What It Takes To Align Your Goals to Your Ultimate Vision (and Achieve Them)

Intense communication inspires others to follow and act with you because it proves you're trustworthy and shows people exactly how to take action.


No one who ever really got anywhere in business — or life — did so by constantly veering around random goals. The most successful people make sure every single objective they set is going to propel them closer to the main vision they have.

Once their goals and vision are aligned, they still have to go out and follow through. So, getting results is a tough job. Making it work requires five key components.

1. Intense Communications

There are two parts to this. The first is technical effectiveness. You have to consider who's listening, choose your words carefully and do the work to figure out what's going to resonate with them the best. The second part is having passion behind every message. Everything you communicate has a purpose, and you should know exactly how each message connects to your values.

Intense communication inspires others to follow and act with you because it proves you're trustworthy and shows people exactly how to take action.

2. Tremendous Influence

This has nothing to do with the number of Twitter or LinkedIn followers you have. It has everything to do with whether the people you are connecting with actually change or behave differently because of you.

Successful people find the right people and invest in getting their support. This process takes time, and you have to be as personally vulnerable as you are intelligently convincing.

3. Relentless Productivity

Can you take breaks on your journey to the finish line? Sure. In fact, rest and recuperation are going to help you prevail over the long haul.

But successful people understand there's no reason to wait to start pursuing their goals. They know that once they achieve their initial vision, they're free to build a new one. They know consistent output gives some verification of who they are and what they can do. So, they move quickly from step to step. They're ruthless about ensuring what they're doing actually adds value to the lives of others.

4. Transparent Relationships

Ever had a boss who wouldn't tell you what was going on? How about a coworker who said one thing to you and something else to others? Those kinds of situations never feel very good, and they throw trust right out the window.

People who want to move through all the goals necessary to achieve a vision aren't hiders. They know they need others to trust them if those individuals are going to be part of their team or support network. You need to be clear about your intent, what you've got, what you've done, what's left and how you're really involved with other people.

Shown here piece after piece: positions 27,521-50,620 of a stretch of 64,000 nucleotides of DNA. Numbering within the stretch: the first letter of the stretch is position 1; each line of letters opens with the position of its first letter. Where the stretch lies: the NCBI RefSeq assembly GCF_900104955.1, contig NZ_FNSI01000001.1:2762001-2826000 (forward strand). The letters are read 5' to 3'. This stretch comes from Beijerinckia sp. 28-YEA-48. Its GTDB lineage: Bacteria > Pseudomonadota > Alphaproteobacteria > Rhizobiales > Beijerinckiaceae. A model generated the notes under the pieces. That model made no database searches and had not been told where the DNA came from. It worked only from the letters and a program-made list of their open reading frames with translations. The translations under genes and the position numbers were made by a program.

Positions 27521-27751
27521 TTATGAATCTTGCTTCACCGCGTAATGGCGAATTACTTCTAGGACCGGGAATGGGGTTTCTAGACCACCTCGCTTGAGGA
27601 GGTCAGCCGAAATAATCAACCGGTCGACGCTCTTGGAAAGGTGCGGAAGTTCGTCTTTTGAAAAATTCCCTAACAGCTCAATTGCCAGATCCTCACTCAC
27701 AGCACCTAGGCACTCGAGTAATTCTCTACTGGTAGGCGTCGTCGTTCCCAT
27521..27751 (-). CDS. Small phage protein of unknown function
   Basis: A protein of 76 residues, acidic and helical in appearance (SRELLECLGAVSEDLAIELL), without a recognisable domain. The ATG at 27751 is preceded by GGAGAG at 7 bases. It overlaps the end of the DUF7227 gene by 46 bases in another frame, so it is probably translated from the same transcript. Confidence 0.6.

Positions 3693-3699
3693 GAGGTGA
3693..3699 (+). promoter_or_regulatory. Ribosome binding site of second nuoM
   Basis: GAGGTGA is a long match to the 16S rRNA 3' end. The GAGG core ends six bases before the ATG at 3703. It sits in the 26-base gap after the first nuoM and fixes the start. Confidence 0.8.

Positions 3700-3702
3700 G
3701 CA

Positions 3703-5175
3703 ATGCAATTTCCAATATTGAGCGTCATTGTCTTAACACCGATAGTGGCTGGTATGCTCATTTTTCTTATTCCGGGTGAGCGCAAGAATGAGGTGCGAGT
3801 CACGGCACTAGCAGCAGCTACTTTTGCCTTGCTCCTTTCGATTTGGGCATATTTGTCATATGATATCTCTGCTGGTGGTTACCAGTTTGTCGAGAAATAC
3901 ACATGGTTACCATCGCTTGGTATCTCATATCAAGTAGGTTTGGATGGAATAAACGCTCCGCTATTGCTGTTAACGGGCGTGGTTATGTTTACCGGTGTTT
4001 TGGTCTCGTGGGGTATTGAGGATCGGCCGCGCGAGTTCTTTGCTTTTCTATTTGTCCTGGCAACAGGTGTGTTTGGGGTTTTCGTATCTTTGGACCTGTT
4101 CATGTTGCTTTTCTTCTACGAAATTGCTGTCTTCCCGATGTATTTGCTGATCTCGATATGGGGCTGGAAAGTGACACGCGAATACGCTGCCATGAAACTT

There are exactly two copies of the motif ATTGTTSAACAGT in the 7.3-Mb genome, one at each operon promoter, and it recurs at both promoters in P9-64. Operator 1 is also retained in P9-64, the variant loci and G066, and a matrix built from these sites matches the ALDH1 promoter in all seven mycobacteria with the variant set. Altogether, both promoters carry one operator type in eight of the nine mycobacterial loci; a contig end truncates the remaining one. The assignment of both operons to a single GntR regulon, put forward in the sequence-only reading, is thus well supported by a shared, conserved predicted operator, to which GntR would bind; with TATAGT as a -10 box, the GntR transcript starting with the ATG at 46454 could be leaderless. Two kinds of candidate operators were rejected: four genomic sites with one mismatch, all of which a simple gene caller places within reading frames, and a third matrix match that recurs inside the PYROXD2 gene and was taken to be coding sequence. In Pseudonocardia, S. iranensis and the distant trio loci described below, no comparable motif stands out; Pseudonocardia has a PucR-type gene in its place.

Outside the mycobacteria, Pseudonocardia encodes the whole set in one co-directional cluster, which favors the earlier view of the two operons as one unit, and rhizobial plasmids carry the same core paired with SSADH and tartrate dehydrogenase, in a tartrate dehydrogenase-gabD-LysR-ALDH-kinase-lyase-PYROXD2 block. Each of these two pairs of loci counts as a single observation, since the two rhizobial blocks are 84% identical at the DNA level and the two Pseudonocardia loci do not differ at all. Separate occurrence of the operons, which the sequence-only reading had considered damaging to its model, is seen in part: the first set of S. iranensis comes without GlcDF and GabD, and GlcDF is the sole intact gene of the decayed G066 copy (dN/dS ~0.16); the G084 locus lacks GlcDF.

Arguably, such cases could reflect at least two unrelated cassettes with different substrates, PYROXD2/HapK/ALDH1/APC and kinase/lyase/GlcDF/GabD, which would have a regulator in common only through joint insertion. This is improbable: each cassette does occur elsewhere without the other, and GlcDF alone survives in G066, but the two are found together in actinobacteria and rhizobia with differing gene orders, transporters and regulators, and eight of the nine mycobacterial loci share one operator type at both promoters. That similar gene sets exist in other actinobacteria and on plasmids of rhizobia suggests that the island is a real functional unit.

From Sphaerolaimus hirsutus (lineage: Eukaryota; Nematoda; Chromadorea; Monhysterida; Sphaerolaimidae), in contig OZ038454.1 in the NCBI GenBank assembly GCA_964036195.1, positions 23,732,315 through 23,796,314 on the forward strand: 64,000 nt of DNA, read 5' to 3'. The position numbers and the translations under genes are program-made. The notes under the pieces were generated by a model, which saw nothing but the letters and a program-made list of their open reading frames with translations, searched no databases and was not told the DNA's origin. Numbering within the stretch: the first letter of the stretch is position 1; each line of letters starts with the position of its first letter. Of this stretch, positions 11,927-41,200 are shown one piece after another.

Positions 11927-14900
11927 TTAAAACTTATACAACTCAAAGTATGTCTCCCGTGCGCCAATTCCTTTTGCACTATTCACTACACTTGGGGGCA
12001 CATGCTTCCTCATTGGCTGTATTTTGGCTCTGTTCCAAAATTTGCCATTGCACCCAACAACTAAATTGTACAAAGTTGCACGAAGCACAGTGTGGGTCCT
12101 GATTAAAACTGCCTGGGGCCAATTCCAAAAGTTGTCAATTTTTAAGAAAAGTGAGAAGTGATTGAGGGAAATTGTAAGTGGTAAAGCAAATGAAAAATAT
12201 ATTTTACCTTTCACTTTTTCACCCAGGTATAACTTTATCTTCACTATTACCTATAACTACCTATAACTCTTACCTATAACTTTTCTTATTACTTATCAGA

5. Situational Awareness

Depending on the circumstances, you might have to tap the breaks, idle or put the pedal to the floor with what you're doing. If you misinterpret what's appropriate for the moment, you'll come off as incompetent or lacking empathy. You might burn the resources you'll need later, too. You have to analyze the context you're in and stay flexible to keep everything humming.

Putting all of this together and becoming a top performer has real benefits. For example, top performers usually:

• Have higher job satisfaction.

• Have better relationships with others.

• Make more money than their peers, which allows them to retire earlier and enjoy personal hobbies more often.

Even though aligning your goals and vision and getting results isn't a cakewalk, it really does give you a shot at a happier, better quality of life. And the good news is, all of the five components necessary for success are things you can improve upon. You can learn how to be a better active listener, for instance, or you can come up with strategies to get distractions out of the way. If you fearlessly commit to that improvement, then there really isn't a single thing that can hold you back from achieving your goals and realizing your vision.

The Newsweek Expert Forum is an invitation-only network of influential leaders, experts, executives, and entrepreneurs who share their insights with our audience.
What's this?
Content labeled as the Expert Forum is produced and managed by Newsweek Expert Forum, a fee based, invitation only membership community. The opinions expressed in this content do not necessarily reflect the opinion of Newsweek or the Newsweek Expert Forum.